27 February 2017
By Peter Alagos
Continued investments in non-hydrocarbon sectors, alongside recovering oil prices, are expected to aid Qatar’s economic growth and disposable income, an official of Alpen Capital has said.
Citing IMF figures, Alpen Capital Investment Bank (Qatar) managing director Sanjay Bhatia said Qatar’s GDP per capita is projected to expand at an annualised average rate of 6.3% between 2016 and 2021, which points towards the growth prospects of the country.
“Given the recent drop and fluctuations in oil prices, the Qatar economy, like the other GCC economies, has been subdued. Over the last few weeks, oil prices have been relatively stable, which has provided a positive impetus to the overall sentiments. We are now seeing an improvement in the market sentiments and expect to see a surge in overall business activities.
“We remain cautiously optimistic on the medium-term growth; however, for 2017, we expect the Qatar economy to remain subdued in the first half and expect the activity and the general market sentiments to improve thereafter,” Bhatia told Gulf Times.
Asked about other economic headwinds in 2017 aside from lower oil revenues last year, Bhatia said the fall in oil revenues affected the scheduled projects across various sectors, adding that austerity measures undertaken by the Qatar government to manage the situation also saw a cutback in infrastructure spending and project delays.
“This has also led to tightening of liquidity, and increased cost of funding including increase in the Qatar Central Bank benchmark rates. We are seeing a price correction in the real estate sector, which could have a positive impact on rentals for some of the businesses, but overall will marginally impact the economic growth in 2017,” he said.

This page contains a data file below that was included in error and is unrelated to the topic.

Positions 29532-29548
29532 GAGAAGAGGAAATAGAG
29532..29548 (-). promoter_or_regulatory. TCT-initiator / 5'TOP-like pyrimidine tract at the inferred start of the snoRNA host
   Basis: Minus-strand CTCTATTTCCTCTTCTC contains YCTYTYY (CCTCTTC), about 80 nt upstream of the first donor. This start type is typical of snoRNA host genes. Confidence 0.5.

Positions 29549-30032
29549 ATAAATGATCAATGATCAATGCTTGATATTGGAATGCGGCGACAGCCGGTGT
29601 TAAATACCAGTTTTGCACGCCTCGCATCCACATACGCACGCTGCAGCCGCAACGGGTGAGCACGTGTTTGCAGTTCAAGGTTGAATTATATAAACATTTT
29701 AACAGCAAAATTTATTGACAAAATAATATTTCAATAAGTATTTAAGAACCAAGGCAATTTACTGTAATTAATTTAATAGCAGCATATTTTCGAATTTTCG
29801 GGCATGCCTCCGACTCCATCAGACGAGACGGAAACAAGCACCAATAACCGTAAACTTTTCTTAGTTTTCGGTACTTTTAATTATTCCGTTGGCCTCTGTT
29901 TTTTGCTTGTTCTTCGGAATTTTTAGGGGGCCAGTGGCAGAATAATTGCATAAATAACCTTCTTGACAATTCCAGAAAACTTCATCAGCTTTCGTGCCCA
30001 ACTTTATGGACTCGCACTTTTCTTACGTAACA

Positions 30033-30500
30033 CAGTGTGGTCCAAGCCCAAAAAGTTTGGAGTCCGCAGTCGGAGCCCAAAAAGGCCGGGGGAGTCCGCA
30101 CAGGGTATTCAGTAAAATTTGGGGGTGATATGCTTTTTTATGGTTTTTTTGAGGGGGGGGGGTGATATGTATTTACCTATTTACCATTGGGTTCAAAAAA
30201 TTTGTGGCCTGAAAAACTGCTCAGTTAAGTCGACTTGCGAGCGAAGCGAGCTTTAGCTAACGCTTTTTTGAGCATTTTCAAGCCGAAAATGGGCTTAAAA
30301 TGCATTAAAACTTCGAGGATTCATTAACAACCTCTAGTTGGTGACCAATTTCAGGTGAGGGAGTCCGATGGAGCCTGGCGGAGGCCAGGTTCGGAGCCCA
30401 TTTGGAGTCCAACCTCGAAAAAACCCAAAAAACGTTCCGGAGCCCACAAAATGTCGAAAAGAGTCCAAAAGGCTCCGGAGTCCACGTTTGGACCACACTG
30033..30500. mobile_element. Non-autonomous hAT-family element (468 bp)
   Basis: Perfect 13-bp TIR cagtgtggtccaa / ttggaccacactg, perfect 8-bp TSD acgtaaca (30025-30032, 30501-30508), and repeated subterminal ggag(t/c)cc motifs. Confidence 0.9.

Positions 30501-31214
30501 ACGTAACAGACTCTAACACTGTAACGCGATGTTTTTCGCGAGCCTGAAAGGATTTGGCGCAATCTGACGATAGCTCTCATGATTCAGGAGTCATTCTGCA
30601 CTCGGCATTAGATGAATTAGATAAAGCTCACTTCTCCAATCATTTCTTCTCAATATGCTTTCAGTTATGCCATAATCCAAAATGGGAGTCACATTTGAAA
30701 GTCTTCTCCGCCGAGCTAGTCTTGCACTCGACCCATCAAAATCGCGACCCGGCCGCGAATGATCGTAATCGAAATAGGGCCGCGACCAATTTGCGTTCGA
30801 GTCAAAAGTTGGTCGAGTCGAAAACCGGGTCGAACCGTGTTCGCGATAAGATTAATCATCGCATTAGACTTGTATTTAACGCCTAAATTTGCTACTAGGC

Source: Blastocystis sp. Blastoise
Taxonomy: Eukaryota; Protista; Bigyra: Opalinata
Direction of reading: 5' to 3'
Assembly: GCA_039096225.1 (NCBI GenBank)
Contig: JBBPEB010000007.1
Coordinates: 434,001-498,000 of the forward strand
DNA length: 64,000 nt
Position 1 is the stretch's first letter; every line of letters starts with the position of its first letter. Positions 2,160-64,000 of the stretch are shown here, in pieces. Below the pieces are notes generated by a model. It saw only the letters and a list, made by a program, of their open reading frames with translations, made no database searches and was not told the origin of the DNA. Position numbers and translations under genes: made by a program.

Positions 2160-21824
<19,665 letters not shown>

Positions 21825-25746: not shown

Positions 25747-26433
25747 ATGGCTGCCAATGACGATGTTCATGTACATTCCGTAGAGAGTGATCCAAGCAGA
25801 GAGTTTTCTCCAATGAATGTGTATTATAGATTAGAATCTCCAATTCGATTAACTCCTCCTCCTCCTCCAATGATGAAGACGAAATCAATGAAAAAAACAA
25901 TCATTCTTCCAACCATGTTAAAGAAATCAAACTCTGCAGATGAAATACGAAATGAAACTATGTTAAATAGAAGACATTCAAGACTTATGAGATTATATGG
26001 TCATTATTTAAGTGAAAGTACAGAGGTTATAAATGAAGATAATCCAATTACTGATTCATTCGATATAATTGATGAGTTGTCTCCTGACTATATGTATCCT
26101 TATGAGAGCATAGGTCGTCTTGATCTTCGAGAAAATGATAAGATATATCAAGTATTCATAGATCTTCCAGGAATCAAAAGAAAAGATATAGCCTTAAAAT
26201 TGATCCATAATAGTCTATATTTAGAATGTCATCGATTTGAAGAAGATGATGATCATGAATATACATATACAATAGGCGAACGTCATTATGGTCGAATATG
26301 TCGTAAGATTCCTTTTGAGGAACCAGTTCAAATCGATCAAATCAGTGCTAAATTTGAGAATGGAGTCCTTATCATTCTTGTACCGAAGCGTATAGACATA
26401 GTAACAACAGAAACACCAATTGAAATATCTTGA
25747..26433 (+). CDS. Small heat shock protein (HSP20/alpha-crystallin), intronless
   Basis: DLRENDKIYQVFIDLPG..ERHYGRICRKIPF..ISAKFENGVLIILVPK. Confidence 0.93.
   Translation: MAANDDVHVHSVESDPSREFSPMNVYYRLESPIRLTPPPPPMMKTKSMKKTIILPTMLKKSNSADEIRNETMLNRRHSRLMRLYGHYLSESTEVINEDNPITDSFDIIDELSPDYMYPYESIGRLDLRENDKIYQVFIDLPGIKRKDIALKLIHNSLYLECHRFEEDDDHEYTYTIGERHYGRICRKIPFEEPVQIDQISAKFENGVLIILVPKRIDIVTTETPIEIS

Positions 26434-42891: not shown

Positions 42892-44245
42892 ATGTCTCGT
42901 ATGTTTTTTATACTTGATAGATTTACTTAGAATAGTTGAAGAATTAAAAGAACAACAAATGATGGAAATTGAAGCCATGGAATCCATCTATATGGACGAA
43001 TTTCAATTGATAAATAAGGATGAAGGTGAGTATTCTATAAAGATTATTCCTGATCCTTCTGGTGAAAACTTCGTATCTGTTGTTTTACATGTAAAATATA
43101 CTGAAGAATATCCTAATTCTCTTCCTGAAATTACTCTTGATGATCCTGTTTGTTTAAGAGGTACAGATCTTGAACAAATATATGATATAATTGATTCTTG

Bhatia said changes in the government’s policies, especially to assist industrial growth and infrastructure development, as well as promotion of businesses in non-hydrocarbon sectors “will definitely provide a boost to the Qatar economy.”
“With the launch of special economic zones such as Manateq, we see a growing push towards private sector participation, which will also provide the much required impetus to future growth prospects.
“Sectors such as healthcare and education are expected to grow in Qatar on the back of government funding and increased private sector participation. Other factors such as rise in population and higher disposable incomes will contribute to the growth of the economy,” he said.
Bhatia also noted that fluctuations in oil prices and a “general subdued market sentiment,” as well as curbed government spending had affected Qatar’s cross-regional M&A activities (inbound and outbound).
“We are, however, seeing a lot more M&A activity within Qatar…we expect to see a lot more on the M&A activity in Qatar along with consolidation across select sectors.
Qatar businesses are also seeking funding support from regional and international banks given liquidity and increased pricing,” he added.
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